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Project Management


mike2016

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With any self build, unless you can afford an Architect/Builder to oversee the whole project, you're going to be chasing people, materials, answering questions and more. 

 

My own project is up to roof stage, timber frame is finished, roof finished but outer brick/block leaf is next, then soffit, fascia, gutters, then porch, then windows & doors. Each have their own challenges. On top of my day job! 

 

I've a delivery of lintels tomorrow and I only thought to ask what size rigid truck is it to find out it's a full Articulated Truck with a moffet (look that up in goggle!!). Won't fit in my housing estate!! cue plan B, C and D !! We're going to offload it to a footpath outside my house on the other side of a council wall and I'll use a hand truck to get them one by one into the site through a gap some teen made wider last year and it was never fixed by the council! 

 

I'm sure each self builder has a raft of such stories. My house needs 2500 bricks and 1280 blocks. The brick supplier I'd booked and paid for in full, was meant to deliver this Friday along with the block supplier providing all the blocks, sand, cement etc. They gave away the bricks to another (assume larger) customer and it's 2 weeks to get a new order in from Belgium. I tried the other supplier I found in google for the same bricks and got through to the same woman I'd been dealing with, same company, one's a shell I'd say. Tried the supplier and they only supply to this one company in Ireland. Anyway, as a one off house they can bump you down the list so I tend to like to get things onsite a week or two early to avoid this added hassle. I've very tight for storage but if you have a brick layer onsite and no bricks you'll be forced to buy something, anything and have to live with it forever. 

 

Time management - getting answers to questions is one thing, learning on the job is another. I want to nail in about 200 nails by hand but after realizing my initial attempts were leaning tower of Pisa'esque, I purchased a first fix nail gun, my first! Wow! 200 nails in 3 hours, all batons attached to the window openings. I can sell it later but the right tool for the job for sure! I've to install my first express nails tonight after learning about them from a neighbour - fixes wood to concrete.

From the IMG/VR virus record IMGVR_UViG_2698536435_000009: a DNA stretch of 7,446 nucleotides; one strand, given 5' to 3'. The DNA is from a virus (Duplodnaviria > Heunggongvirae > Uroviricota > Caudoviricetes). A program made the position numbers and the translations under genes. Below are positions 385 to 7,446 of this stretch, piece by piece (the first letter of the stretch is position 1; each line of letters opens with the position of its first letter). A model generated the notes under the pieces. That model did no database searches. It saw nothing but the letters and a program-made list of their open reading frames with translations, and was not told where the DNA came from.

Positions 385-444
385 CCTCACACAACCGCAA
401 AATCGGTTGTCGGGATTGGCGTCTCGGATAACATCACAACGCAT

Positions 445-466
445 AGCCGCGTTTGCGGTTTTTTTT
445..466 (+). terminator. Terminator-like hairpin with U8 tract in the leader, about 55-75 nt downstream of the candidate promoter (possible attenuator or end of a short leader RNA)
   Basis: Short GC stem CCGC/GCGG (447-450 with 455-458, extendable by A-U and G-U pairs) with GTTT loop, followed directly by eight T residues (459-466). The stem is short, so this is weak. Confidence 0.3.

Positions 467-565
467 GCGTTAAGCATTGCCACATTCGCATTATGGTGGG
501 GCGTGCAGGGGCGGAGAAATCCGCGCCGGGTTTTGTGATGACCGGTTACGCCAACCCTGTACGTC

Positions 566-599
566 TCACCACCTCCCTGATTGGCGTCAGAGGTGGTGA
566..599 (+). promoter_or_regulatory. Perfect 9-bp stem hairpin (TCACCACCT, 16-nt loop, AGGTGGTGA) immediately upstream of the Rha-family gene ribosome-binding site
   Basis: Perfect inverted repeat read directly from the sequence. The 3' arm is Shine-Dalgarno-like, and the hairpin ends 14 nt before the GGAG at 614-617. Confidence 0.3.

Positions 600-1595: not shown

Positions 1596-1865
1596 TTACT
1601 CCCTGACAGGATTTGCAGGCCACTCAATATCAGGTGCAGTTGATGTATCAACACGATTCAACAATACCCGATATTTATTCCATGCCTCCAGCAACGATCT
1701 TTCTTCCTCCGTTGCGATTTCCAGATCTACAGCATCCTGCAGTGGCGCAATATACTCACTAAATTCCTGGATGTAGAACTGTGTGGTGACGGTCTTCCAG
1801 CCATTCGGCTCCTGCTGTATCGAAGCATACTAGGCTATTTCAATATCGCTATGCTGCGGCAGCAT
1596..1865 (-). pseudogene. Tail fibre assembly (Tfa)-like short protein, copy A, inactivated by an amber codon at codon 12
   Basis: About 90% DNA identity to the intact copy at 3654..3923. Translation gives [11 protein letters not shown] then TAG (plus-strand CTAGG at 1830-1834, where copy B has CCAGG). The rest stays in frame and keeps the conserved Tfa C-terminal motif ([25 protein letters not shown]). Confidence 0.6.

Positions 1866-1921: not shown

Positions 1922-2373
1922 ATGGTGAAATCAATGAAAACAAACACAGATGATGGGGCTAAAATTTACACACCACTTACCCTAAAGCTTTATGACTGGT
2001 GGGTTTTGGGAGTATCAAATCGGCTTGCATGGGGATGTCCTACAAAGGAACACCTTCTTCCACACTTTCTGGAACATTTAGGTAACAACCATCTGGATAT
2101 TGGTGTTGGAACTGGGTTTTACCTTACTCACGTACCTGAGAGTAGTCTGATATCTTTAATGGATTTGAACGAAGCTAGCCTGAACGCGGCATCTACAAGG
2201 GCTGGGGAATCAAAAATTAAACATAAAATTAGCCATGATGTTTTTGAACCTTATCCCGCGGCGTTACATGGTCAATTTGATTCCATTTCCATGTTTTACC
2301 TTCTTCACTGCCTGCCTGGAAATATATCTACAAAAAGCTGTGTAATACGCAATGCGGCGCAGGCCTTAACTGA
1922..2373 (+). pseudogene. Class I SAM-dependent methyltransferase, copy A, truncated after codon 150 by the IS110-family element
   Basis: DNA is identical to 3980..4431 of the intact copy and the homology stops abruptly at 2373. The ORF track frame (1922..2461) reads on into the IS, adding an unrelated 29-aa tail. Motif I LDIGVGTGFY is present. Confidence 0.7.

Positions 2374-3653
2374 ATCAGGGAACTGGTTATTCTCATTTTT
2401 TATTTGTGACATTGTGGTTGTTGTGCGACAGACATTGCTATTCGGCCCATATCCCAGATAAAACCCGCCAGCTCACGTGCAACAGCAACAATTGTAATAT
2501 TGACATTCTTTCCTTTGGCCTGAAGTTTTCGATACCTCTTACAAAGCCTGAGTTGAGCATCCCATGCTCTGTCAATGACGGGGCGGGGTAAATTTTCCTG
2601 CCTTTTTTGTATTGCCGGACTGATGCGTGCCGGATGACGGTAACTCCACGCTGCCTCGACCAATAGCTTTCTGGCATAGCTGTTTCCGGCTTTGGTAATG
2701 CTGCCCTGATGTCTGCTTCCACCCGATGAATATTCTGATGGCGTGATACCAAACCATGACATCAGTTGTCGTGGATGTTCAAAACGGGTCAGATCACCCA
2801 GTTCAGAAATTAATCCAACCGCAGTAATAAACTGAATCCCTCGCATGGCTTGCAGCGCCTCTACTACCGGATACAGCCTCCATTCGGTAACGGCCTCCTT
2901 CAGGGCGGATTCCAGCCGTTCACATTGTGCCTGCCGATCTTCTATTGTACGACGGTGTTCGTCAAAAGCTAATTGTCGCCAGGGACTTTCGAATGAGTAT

The roofers left 6 Velux boxes behind with BBX on them. What are they for? An extra? Do I need them? I think they are to act as a vapour barrier and possibly air tightness according to initial google searches. Something else I've to figure out later on. 

 

The roof has turned out well hasn't it! They had to finished the Oriel Window Metal / Trocal flashing before they finished roof tiling. It has a ventilated ridge and those plastic covers at the edges all the way along the roof line instead of cement they used to use. I've about 40 spare tiles stored away! 

 

The outer brick/blockwork is my next major hurdle. There's a few items I need to buy, figure out and get onsite:

  • 100mm DPC for above 1st course of blockwork above foundation
  • 18" DPC for around windows
  • Expansion ties - Ancon PPS200 ebonded Safety Tie - box of 250, at least I have spares! I can return the unused ones. 
  • Wall vents - using Timloc Cavity Wall Drill Vents - you drill a 25mm hold angling upwards and then plug this into it. This absolves the brick layer from having to install them as they go
  • Wall ties - the timberframe supplier provides 4 boxes of these and marked up where the studs are to get good purchase
  • Stop Bead and Drip Bead (plastic) for render, Weber OCR, Weber paint (I'm doing this job once the blockwork is finished), Mitre bond glue (2 part glue)
  • Gutter Brushes for later
  • Expansion Joints - I've two 10 meter gables, each require two expansion joints. There's an awkward window and ESB box on one end of one side so thankfully we're putting the expansion joint past both of these even though you should have one every 6 meters and within 1/2 of this distance from the corner, ours will be 3.8m from the corner. the timberframe amazing team marked up the best positions for expansion joints and identified this one before the Structural Engineer signed off on it. 

 

I've taped up all the Solitex on the outside of the Timber Frame, plugged the side door up with timber, OSB and more Frontex WA. We're still installing a lintel in the blockwork but will ignore it otherwise for the block course and if someone wants to open it later they can with an angle grinder! It saves wasting a lot of space in the utility room having a door there with no purpose. There's no sink = reason to not make it a boot room really. 

 

I'm lining all the window openings with insulation over the next week or so and adding batons to take the window straps. They want a strap within 100-150mm of any corner and no more than 700mm apart. The Straps are 1mm thick and come inside the window about 100mm. I've sourced wood to exactly match the insulation thickness which can be hard but avoids trying to plane / table saw wood onsite. 

 

This Friday I've to hope everything fits onsite as it's delivered and we've room for a telehandler afterwards for when the brickie's start! 

 

That's a snapshot of my week! I'll do a post about powering electrical devices onsite without a generator using an Electric car & Anker 2kW battery soon I think, some lesson learnt there! 

 

 

nails.jpg

roof.jpg

velux.jpg

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roof2.jpg

velux1.jpg

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